Survival in a can: A novel attempt

I purchased one of these you can survive cans with low expectations and it did not surpass them.  This should be labeled as You Can Survive Snack Time.  It does have a few good items in it but nothing that warrants a price tag of 12.00.

Let’s go over the contents and their uses:

Folding stove:  Easily the best part of this kit, this small folding wing stove is great for boiling small pots of water.

Fuel tabs: essential for using the wing stove or starting a camp fire, the second best part of the entire kit.

Strike anywhere matches: Generic strike anywhere matches, OK for normal use but in bad weather it may be hard to get a fire going.

Poly water bag: (aka a zip lock) a small off brand zip lock bag that can be used to carry extra water or a few other items, not very durable, mine ripped the first time I opened it.

Beef & chicken broth:  Good for warming up on a cold evening but not very nutritional, and high in salt.

4th of July Sale

4th of July Sale

High energy, vitamin powder: mine came with orange EmergenC powder, gives you a boost of vitamins.   This is Ok for a breakfast drink but not very filling and a bit chalky.

Hard candy: simple jolly ranchers, just a sugar and morale boost.

Tea bags:  another morale boosting beverage.

Sugar packets, used to sweeten the included tea.

Aluminum foil: heavy duty foil can be folded into a cup or bowl or wrapped around a small food item to help cook it. I find this a bit useless considering the can works as a cup and bowl.

All in all, this product is a great novelty item, keep it on your desk and use it as a joke, or use it as a stocking stuffer for your favorite prepper.

As a survival tool it falls short. The best thing about this is that it can be reused and repacked with other more beneficial items that suit your personal needs, once it has been opened. You never need to assume that something pre-packed and off the shelf is going to have everything you need to survive in it.

Want to know more?  Check out these related articles from our site:

5 Surprising Survival Uses for a Tampon

34 Ways to Use Duct Tape for Survival

18 OTC Meds for Survival Kit

Comments

comments

4 Responses to :
Survival in a can: A novel attempt

  1. Rick says:

    One of the problems I have seen in the preparedness arena is those who will financially prey on people who are trying to strech tight dollars to be prepared. This is not to say that there are some legitimite products and suppliers out there; but it always stands to reason: Buyer Beware.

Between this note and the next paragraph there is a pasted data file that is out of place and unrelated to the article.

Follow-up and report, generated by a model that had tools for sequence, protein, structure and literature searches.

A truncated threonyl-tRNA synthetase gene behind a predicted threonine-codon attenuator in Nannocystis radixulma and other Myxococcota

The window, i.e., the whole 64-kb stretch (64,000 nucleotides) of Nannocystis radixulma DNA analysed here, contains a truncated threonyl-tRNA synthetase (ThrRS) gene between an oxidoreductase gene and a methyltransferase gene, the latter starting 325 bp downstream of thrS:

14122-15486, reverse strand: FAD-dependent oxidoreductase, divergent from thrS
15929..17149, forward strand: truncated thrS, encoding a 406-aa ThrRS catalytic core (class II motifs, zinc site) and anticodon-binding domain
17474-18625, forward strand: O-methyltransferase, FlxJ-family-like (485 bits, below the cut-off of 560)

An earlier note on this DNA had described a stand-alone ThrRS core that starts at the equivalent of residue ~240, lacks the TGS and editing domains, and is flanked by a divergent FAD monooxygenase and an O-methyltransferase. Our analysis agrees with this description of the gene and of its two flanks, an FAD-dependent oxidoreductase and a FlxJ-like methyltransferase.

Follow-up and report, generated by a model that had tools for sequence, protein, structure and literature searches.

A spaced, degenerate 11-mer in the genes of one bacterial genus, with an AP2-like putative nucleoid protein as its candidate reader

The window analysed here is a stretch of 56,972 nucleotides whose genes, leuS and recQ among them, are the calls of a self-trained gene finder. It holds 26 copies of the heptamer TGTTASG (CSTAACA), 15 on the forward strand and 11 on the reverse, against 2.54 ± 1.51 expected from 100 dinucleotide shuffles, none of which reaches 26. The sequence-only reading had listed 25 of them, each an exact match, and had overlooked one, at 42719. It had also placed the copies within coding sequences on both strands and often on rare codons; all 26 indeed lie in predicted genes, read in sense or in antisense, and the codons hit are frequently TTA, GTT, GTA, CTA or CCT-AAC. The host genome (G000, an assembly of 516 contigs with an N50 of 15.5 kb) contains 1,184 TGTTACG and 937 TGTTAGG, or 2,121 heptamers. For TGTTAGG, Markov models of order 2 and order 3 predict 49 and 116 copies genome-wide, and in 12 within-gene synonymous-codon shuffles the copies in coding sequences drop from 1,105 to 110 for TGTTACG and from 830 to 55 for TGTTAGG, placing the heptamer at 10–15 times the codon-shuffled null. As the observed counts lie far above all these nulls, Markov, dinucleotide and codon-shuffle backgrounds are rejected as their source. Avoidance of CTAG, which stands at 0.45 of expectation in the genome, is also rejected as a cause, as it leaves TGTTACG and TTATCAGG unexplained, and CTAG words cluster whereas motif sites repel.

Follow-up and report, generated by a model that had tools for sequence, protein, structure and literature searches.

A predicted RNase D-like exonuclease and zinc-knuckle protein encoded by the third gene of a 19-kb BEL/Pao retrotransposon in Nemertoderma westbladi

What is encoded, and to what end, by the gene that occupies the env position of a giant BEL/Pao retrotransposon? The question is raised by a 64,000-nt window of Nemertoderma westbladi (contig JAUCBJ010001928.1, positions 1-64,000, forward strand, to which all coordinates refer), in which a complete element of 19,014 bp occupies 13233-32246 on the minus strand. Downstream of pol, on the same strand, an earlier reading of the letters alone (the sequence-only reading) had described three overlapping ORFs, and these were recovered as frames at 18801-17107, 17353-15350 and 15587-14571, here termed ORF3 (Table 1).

Another problem occurs when people want to charge for “training / teaching” preparedness. Sometimes the cost of the course does not mean quality information, but merely a chance to capitalize on the movement as a whole.
    Most of the time I have seen information provided by those giving the courses that I had previously come across ( or even provided myself in posts, and blogs). The free flow of information is avalible through many sources on the web, so again beware.

    Given the gravity of the situations that may soon present themselves to the citizenery in total, I will alway provide free information and guidance to those who wish to be better prepared or are just starting. Products that I know of I will tout as on their merits and caution against those things that look good but are just a novelity “survival in a can” item.

    The only way that we as Americans citizens can survive any form of disaster is by being prepared and helping others also be prepapred; that will only benifit the whole and allow people to make it through rough to terrible times. And it always comes down to the concept of “Forming Community”. Weither it be with the next door neighbor, or several in the neighborhood, or with people across the city. That is the concept we should work for in our prepping, working together.

  2. Mary says:

    Don’t buy Solutions from Science seed bank. The seeds don’t grow and the seller will not answer my letter. He was quick to take my $164.00 and made a fool out of me.

  3. Scott Sasse says:

    Make your own!
    Get a relatively water resistant carrying bag; and load it with things; that you know work!
    Example Swiss Army knife, Energy bars @ 400 Calories ea., water purification tablets, Magnesium[Magnesium deteriorates in wet climates](Ferosium) fire starter, small size water filter, and so on.
    Don’t get the biggest most expensive type (the biggest Swiss Army XAVT- is too large to use effectively; and remember the Leatherman design was invented to do many things better than the SAK.)

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